MATH 554 - Math 703 I
Analysis I

Homework Assignments and Supplementary Materials

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Homework Assignments
(Each Problem is worth 10 pts.)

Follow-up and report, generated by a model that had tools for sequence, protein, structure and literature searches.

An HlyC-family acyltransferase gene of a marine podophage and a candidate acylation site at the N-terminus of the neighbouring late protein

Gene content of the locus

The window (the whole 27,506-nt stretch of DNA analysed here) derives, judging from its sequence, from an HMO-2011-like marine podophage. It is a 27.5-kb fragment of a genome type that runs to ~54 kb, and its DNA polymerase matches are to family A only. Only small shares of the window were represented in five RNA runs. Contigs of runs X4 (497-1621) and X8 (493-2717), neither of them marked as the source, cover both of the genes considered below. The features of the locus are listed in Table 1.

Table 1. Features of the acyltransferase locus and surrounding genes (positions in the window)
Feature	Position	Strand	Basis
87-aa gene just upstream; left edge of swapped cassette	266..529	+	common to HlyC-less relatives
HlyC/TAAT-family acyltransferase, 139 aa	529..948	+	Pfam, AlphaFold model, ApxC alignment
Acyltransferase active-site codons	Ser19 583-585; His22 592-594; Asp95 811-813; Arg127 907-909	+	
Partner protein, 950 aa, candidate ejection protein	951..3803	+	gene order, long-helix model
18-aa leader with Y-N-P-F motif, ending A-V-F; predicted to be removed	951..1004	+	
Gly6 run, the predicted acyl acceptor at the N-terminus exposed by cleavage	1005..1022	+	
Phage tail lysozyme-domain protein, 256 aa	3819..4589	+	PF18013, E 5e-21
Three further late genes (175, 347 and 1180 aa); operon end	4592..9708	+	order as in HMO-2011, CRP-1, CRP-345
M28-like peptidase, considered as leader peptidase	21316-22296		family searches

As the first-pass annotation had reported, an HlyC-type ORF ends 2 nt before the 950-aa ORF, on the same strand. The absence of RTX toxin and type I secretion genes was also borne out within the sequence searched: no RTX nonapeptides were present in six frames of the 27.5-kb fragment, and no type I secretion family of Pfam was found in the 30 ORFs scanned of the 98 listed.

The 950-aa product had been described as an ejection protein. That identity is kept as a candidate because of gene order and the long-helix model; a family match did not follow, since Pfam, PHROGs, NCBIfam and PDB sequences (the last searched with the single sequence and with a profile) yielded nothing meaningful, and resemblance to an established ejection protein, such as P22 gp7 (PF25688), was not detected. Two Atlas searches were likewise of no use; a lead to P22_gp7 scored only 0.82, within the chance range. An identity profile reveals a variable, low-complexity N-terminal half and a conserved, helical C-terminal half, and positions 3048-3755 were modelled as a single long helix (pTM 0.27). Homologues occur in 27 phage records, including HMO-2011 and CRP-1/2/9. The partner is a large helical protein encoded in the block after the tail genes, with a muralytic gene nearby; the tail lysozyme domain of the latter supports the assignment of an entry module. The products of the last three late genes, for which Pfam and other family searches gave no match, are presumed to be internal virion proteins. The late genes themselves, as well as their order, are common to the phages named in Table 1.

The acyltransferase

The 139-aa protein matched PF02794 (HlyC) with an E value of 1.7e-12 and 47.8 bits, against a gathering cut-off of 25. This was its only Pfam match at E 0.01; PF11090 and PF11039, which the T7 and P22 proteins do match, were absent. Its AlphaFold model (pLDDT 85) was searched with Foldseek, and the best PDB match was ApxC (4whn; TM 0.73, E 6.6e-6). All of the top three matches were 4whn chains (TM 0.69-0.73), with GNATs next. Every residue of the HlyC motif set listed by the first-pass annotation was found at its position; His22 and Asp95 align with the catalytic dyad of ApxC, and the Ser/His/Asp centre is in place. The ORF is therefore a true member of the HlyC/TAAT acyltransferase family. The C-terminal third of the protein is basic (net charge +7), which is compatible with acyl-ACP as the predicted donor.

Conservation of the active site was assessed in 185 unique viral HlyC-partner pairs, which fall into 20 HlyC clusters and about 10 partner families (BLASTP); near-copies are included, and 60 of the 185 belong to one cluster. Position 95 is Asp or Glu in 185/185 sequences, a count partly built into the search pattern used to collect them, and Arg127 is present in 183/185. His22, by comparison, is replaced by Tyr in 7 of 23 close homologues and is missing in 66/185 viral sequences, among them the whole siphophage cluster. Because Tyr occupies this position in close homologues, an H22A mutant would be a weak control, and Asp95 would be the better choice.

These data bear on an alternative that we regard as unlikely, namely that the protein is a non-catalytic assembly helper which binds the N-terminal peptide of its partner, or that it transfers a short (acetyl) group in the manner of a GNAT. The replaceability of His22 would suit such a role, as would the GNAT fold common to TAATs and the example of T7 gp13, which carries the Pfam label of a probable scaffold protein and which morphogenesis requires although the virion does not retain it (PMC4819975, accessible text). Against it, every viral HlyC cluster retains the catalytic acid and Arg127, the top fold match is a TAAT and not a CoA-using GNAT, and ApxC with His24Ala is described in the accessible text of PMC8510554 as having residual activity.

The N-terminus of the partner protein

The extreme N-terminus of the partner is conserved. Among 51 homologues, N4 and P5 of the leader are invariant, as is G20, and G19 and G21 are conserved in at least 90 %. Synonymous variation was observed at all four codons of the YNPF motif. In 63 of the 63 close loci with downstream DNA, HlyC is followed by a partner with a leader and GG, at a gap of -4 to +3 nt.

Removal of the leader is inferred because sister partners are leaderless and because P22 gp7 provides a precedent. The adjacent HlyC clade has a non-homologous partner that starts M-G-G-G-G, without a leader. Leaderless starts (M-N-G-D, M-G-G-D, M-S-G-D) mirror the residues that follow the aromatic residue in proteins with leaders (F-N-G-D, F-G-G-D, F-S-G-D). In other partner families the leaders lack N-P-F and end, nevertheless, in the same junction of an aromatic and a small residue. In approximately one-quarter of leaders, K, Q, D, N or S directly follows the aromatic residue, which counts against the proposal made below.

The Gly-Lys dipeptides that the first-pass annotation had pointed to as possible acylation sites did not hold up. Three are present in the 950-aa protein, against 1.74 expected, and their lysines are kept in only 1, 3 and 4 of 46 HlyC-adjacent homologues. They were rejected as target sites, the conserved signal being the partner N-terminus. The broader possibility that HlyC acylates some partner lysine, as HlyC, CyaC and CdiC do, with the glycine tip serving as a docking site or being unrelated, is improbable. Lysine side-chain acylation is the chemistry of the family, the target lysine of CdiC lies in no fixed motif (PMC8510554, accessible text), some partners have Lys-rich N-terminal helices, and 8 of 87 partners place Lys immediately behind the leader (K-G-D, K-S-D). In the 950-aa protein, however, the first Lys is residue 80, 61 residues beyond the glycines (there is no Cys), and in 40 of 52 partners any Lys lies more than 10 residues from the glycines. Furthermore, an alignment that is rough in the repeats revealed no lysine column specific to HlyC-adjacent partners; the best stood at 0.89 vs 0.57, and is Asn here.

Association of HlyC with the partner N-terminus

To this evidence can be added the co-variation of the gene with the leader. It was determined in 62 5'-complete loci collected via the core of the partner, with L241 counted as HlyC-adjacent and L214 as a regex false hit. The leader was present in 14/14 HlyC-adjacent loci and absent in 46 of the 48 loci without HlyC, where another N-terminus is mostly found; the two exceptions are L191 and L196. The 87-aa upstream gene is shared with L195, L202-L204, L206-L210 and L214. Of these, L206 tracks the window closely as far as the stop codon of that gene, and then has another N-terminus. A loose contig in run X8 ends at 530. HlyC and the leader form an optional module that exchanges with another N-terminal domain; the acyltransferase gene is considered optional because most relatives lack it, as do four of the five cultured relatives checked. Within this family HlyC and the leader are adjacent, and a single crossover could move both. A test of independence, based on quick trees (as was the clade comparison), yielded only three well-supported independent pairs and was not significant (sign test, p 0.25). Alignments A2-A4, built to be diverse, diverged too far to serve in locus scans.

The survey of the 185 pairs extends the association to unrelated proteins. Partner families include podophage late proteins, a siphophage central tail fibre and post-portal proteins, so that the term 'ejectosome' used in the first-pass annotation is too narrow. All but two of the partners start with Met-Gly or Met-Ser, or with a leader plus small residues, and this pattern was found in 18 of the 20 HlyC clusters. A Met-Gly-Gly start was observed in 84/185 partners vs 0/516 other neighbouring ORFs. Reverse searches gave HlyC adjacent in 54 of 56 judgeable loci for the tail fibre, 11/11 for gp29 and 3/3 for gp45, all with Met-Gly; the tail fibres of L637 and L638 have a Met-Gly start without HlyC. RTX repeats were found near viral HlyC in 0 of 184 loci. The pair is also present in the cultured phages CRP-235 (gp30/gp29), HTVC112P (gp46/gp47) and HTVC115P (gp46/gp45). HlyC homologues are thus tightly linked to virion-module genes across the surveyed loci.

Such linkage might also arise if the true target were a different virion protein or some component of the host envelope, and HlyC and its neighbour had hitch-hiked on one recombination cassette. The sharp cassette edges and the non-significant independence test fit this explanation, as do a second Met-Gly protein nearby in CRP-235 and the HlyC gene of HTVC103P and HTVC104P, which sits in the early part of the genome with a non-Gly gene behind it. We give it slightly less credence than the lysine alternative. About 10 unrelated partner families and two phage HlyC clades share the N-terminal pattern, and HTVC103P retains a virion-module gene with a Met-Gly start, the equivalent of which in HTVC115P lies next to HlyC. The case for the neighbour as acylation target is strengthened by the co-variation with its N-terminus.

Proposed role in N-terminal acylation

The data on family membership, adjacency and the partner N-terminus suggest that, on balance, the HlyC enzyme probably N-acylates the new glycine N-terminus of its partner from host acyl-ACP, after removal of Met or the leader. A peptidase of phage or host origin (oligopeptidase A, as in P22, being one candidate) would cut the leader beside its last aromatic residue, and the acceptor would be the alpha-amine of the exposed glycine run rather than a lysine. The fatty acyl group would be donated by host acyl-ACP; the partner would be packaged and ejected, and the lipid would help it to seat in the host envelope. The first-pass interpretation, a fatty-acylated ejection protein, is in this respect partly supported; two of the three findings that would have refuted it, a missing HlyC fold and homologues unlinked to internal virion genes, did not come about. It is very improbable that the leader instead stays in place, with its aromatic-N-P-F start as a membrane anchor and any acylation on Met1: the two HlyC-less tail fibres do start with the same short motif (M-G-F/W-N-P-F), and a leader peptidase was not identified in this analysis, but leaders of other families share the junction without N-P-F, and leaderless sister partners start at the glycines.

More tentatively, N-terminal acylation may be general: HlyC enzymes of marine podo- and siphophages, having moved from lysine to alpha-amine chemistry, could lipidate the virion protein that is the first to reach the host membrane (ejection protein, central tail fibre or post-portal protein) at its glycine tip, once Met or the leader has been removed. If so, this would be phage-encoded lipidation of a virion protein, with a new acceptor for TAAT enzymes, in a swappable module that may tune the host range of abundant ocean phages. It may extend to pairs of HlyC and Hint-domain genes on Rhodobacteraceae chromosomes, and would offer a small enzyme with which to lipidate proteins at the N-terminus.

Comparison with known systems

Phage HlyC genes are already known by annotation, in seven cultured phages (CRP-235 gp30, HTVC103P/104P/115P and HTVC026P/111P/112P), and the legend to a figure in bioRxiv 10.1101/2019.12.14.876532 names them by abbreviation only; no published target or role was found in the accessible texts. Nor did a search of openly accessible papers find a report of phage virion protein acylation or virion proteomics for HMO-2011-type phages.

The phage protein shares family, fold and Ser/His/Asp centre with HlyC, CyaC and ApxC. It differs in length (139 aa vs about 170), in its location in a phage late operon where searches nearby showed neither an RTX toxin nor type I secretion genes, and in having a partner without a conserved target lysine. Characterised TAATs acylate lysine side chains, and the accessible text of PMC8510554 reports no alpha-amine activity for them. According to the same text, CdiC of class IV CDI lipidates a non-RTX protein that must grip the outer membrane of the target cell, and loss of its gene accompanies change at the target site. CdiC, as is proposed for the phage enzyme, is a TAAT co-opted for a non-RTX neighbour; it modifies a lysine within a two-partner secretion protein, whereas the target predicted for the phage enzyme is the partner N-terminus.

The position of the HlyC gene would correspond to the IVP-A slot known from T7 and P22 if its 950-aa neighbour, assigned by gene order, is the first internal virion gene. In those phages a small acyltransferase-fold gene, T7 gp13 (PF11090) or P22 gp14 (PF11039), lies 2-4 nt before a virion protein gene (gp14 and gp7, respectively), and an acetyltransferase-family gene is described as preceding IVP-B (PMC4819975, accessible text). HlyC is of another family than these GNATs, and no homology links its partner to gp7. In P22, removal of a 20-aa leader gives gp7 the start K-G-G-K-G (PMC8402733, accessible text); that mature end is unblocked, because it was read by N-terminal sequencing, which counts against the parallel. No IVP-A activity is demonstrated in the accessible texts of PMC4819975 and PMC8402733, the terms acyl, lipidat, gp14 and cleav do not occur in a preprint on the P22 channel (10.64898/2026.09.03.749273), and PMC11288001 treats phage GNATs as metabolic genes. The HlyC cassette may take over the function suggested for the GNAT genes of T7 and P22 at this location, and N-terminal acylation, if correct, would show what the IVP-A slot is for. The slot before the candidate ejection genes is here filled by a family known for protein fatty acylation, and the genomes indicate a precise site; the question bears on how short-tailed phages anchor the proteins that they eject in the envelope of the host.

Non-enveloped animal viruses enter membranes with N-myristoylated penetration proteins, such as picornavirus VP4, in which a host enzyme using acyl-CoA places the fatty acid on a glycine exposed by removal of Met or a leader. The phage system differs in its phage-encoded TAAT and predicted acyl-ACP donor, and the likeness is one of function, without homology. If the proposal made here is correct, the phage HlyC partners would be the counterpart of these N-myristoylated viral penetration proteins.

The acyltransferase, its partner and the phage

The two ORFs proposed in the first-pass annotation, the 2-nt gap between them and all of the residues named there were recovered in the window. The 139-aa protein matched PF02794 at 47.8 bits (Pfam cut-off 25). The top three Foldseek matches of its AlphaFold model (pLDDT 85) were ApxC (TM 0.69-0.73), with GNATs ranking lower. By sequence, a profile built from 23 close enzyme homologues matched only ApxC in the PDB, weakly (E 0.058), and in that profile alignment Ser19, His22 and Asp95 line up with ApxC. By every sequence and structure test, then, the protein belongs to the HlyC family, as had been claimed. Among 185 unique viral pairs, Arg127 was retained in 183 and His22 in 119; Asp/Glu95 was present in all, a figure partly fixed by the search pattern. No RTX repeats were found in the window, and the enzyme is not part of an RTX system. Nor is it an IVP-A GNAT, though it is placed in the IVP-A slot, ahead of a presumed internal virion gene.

No. Assignment Due Page and No.'s Solutions #1 Wednesday (1/21) In problems 1-2, assume F is a field: Carefully prove that multiplicative inverses are unique. Carefully prove that (-1)(-1)=1. You can use any propositions which we have proved in class. In Z5, what is the (i) additive inverse of 1; (ii) the multiplicative inverse of 3, of 4; (iii) find the solution of the equation 3 x + 1 =2.   (Hint: Make addition and multiplication tables and do look-ups.) #2 Friday (1/30) Suppose F is an ordered field. If an element a in F satifies |a|< d for each d>0, then carefully prove that a=0. Page 30 of text: 4(a); 5 (a), (b), (c); 6.; 10 (a), (b) Extra Credit: 10 (c) Additional Graduate Student Problems: Page 30: 11 #3 Friday (2/06) Prove the equivalence statement for "greatest lower bounds" (we proved in class the similar statement for least upper bounds): If L is the greatest lower bound for a set A, then   (i)   L is a lower bound for A   (ii)   if e>0, then there exists a in A so that a < L+e. Prove that if L1 and L2 are both least upper bounds for a set A, then L1=L2. (Moral: least upper bounds are unique) Using the property that the real numbers satisfy the completeness axiom (i.e. the least upper bound property), prove that R satisfies the property that each nonempty set B, which is bounded from below, must have a greatest lower bound.   (Hint: Consider the negatives of sets and the fact that inequalities are reversed when multiplied by a negative.) Using induction, prove that 1+r+r2+ ... + rn = (1-rn+1)/(1-r) if r is not equal to 1. Using the properties of "<", prove that the interval     (a,b) = {x in R |   |x-c|< r} where c=(a+b)/2 and r=(b-a)/2. #4 Friday (2/13) Click here to download the assignment. #5 Monday (2/23) Click here to download the assignment. Extra Credit (15 pts.)-- Prove the following about closure of sets: Given a set S, let C be S unioned with all the limit points of S. Show that the complement of C is open. (Hence C is closed.) C is called the "closure" of S. Suppose that D is a closed set containing S, then prove that the closure of S is contained in D. Prove that the intersection of all closed sets containing S is the same set as the closure of S. Main E.C. #6 Friday (2/27) Problem:   Suppose that S has the property that each sequence from S which converges, must converge to a limit which belongs to S. Prove that S is a closed set. Extra Credit (10 pts.)-- Complete the proof of the following: Suppose in the real numbers the sequence {bn } converges to b and b is not zero. Prove that 1/bn converges to 1/b. #7 Friday (3/26) You can download homework assignment #7 for Friday March 26, here. #8 Friday (4/9) Problem:   Using properties of connectedness and the last theorem proved in Monday's lecture (about continuity of inverse functions), prove that for each natural number n: non-negative n-th roots of non-negative numbers exist and furthermore, the function g(x) := x1/n is continuous for x larger or equal zero. Extra Credit (10 pts.)-- Fill in the details of the proof begun during Monday's lecture: Prove that a function is continuous if and only if the inverse image of a closed set is closed. Be sure to prove the set equality relating inverse images of the complements of sets.   This page maintained by Robert Sharpley (sharpley@math.sc.edu) and last updated Nov. 2, 2003.  This page ©2003-2004, The Board of Trustees of the University of South Carolina.  URL: http://www.,math.sc.edu/~sharpley/math554

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